I’m unaware of the last time working-at-height safety was a government priority. But last month the UK Government issued a call for advice on this very topic.
More specifically, a committee investigating working-at-height injuries and fatalities put out a statement, through an All Party Parliamentary Group (APPG) on Working at Height, seeking information to understand fatal fall causes and solutions.
The committee is concerned that falls from height, and falling objects, account for the highest number of preventable fatalities and injuries across all sectors in UK industry, according to the APPG.
“The APPG will seek to understand the root causes and propose effective, sensible measures to reduce this toll and send people safely home from work,” it says.
For now, the APPG is asking industry players to provide answers to eight simple questions, such as ‘what are the primary reasons for falls?’ or ‘are there specific measures you believe are necessary?’
As a business committed to improving operational safety through improved personal protective equipment management, at Papertrail we are naturally delighted that this issue has been taken up by the UK administration.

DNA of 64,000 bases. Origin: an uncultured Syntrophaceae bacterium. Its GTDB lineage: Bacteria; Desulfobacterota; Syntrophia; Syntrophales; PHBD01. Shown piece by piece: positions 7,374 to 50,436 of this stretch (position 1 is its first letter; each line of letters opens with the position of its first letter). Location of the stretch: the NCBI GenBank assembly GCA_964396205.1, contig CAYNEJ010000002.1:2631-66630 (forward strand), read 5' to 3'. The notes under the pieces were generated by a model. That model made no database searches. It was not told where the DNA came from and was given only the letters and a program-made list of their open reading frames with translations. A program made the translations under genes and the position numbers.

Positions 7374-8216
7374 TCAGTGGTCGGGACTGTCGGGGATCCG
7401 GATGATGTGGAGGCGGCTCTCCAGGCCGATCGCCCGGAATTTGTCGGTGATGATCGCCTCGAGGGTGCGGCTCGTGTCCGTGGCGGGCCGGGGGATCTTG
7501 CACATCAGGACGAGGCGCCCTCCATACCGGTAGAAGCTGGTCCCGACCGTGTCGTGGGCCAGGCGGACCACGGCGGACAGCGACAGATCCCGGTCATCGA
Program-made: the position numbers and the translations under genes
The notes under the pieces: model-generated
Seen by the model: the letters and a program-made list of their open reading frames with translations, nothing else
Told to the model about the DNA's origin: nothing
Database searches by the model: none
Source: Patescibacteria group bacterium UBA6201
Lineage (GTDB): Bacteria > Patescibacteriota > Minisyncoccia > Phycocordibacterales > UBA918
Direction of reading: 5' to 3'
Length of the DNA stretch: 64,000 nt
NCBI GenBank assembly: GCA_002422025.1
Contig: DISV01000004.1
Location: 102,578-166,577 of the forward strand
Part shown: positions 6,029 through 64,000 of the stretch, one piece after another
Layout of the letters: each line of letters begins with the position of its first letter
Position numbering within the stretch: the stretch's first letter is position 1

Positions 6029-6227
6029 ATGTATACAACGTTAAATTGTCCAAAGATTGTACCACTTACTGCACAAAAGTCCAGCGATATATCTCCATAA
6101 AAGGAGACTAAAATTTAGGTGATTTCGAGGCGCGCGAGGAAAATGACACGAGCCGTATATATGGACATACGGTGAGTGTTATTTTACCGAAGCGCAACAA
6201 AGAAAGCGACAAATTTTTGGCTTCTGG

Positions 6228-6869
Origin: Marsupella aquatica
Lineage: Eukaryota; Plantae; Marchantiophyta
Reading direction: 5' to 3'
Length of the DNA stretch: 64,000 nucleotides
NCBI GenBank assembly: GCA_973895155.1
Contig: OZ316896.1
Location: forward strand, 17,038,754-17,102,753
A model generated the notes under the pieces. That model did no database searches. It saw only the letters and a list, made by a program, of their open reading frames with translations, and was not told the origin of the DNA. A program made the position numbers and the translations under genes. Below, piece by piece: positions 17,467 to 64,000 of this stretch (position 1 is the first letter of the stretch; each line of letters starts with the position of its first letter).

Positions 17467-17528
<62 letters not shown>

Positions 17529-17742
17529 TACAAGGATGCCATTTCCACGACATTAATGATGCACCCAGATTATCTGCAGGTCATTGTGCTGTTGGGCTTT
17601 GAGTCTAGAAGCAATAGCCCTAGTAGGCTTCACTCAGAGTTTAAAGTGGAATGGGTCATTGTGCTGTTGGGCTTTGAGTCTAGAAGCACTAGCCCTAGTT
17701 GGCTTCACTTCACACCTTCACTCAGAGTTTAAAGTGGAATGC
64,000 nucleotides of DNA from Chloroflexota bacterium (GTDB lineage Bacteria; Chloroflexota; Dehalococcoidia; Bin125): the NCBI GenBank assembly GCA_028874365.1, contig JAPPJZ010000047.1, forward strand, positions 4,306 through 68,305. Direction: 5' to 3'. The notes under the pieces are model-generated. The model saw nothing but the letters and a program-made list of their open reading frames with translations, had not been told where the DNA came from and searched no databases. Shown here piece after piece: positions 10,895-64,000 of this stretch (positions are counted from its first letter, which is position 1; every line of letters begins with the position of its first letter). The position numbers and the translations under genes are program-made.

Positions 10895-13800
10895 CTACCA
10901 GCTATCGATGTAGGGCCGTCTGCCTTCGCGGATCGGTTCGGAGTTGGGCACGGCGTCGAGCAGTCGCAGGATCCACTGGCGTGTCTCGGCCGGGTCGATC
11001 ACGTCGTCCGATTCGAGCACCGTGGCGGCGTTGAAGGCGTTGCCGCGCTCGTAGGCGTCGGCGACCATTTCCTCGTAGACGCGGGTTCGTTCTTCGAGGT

And we are keen to spread the word so the APPG gets as much support as it can from industries employing working-at-height practices.
To get involved, take a look at the APPG’s questions and submit your responses by March 2, 2018, to email@example.com or Working At Height APPG, 32-34 Great Peter Street, London, SW1P 2DB.
Contact us now for more information about how to make your organisation safer and more efficient.
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Myself and the team at Papertrail are proud of our adventure background and fiercely proud of helping keep people safe along with our environmental responsibilities. When we took the concept of Papertrail to reality, the solution we had in mind was to deliver:
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- Because of the insurance implications and regulatory pressures, the solution was to improve accountability and increase information transparency. This didn’t just speed up time of delivering what was needed and reduce frustration, it also demonstrated control.
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